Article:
At Omni Dental Centre, we offer a wide and exhaustive range of dental services. If you are looking for a dentist to treat your gum disease problem, deliver pediatric dentistry, or even dental crowns and bridges to give you that dazzling smile you’ve always wanted, you’ll find all the specialists and services you need right here at Omni Dental Centre.
To ensure your safety, the use of gloves, masks and protective eye glasses are compulsory for all patients during treatment. A system of rigorous and stringent infection control procedures also takes place. All instruments and hand pieces are autoclaved with the latest in sterilization technology and many of our supplies are “Single Use Only”. You can be assured that no one else will be sharing his or her germs with you.
Wisdom teeth may not need to be removed if they are:
Positioned correctly and biting properly with their opposite teeth
Able to be cleaned as part of daily hygiene practices
Many times, however, wisdom teeth — the third molars in the very back of your mouth — don't have room to grow properly and can cause problems. Erupting wisdom teeth can grow at various angles in the jaw, sometimes even horizontally.
Sometimes wisdom teeth only partially emerge through the gums. Other times, they remain completely hidden. Wisdom teeth that aren't able to emerge normally become impacted, or trapped, within your jaw.
If the wisdom teeth emerge partially through the gums, a passageway is created, which can cause problems. And because this area is hard to see and clean, it can become a magnet for bacteria that cause gum disease and oral infection.
Many dentists believe it's better to remove wisdom teeth before the roots are fully formed, when someone is younger and more likely to recover faster from surgery. This is why some young adults have their wisdom teeth removed before the teeth cause problems and become more firmly rooted in the jaw.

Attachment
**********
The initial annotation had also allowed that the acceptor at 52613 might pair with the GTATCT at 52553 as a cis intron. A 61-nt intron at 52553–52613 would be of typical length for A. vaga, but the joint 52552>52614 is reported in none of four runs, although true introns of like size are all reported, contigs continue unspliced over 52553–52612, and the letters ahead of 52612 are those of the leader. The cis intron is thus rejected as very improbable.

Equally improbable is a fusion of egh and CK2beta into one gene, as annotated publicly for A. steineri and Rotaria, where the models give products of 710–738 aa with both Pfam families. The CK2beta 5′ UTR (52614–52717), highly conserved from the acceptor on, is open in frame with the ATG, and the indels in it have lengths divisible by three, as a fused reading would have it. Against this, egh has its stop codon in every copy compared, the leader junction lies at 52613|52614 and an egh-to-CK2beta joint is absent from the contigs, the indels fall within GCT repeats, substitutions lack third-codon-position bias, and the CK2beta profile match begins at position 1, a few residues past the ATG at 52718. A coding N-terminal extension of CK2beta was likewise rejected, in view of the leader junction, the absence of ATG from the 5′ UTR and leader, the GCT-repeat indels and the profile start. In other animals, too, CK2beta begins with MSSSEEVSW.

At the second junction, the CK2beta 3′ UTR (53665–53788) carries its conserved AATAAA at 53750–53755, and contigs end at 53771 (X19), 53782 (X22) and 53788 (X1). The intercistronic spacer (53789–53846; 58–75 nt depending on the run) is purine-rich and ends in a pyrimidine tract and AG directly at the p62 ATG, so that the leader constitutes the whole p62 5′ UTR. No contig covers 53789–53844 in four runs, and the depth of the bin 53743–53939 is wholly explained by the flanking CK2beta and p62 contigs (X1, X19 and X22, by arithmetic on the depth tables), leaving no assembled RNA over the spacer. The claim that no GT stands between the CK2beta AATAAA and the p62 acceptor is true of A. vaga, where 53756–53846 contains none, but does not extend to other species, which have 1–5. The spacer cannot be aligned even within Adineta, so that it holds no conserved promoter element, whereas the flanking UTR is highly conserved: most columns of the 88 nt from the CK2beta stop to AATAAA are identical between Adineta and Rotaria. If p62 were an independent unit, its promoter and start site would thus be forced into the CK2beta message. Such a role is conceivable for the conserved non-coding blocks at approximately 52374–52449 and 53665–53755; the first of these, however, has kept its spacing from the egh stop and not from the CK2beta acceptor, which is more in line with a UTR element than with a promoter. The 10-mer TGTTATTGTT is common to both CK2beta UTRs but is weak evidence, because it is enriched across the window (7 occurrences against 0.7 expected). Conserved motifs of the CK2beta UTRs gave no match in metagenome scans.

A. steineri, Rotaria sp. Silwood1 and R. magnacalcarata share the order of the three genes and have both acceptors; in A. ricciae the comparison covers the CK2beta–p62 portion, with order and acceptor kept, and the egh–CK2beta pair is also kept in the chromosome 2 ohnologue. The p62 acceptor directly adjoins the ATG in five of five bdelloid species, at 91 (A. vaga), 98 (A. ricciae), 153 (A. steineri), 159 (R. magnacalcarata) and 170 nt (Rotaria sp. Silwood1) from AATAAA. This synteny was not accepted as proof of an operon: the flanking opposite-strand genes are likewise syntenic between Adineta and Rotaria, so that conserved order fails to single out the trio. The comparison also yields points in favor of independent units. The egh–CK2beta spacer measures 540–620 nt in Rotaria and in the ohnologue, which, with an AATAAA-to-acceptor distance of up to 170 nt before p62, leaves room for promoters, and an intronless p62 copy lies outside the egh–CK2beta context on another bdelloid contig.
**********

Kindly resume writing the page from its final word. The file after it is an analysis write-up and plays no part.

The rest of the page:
Wisdom teeth removal may be necessary if you experience changes in the area of those teeth, such as:
Repeated infection of soft tissue behind the lower last tooth
Cysts (fluid-filled sacs)
Damage to nearby teeth, such as decay to the tooth infront of the wisdom tooth
Extensive tooth decay
Does the thought of having your teeth cleaned make your entire body tense with fear? Would you rather endure the agony of a toothache than step foot in a dentist's office? You're not alone. A lot of people are so phobic about going to the dentist that they prefer not to have any treatment.
For people who avoid dentists like the plague, sleep dentistry or sedation dentistry may take away some of their anxiety. Sedation can be used for everything from invasive procedures to a simple tooth cleaning. How it's used depends on the severity of the fear.
What Is Sedation Dentistry?
Sedation dentistry uses medication to help patients relax during dental procedures. It's sometimes referred to as "sleep dentistry," although that's not entirely accurate. Patients are usually awake with the exception of those who are under general anesthesia.
The levels of sedation used include:
Minimal sedation -- you are awake but relaxed.
Moderate sedation (formerly called "conscious sedation") -- you may slur your words when speaking and not remember much of the procedure.
Deep sedation -- you are on the edge of consciousness but can still be awakened.
General anesthesia -- you are completely unconscious.
Types of Sedation Are Used in Dentistry
The following types of sedation are used in dentistry:
Inhaled minimal sedation. You breathe nitrous oxide -- otherwise known as "laughing gas" -- combined with oxygen through a mask that's placed over your nose. The gas helps you relax. Your dentist can control the amount of sedation you receive, and the gas tends to wear off quickly. This is the only form of sedation where you may be able to drive yourself home after the procedure.
Oral sedation. Depending on the total dose given, oral sedation can range from minimal to moderate. For minimal sedation, you take a pill and it's usually taken about an hour before the procedure. The pill will make you drowsy, although you'll still be awake. A larger dose may be given to produce moderate sedation. This is the type of anesthesia most commonly associated with sedation dentistry. Some people become groggy enough from moderate oral sedation to actually fall asleep during the procedure. They usually can, though, be awakened with a gentle shake.
IV moderate sedation. You receive the sedative drug through a vein, so it goes to work more quickly. This method allows the anaesthetist to continually adjust the level of sedation.
Deep sedation and general anesthesia. You will get medications that will make you either almost unconscious or totally unconscious -- deeply asleep -- during the procedure. While you are under general anesthesia, you cannot easily be awakened until the effects of the anesthesia wear off or are reversed with medication.
Regardless of which type of sedation you receive, you'll still need a local anesthetic -- numbing medication at the site where the dentist is working in the mouth -- to relieve pain if the procedure causes any discomfort.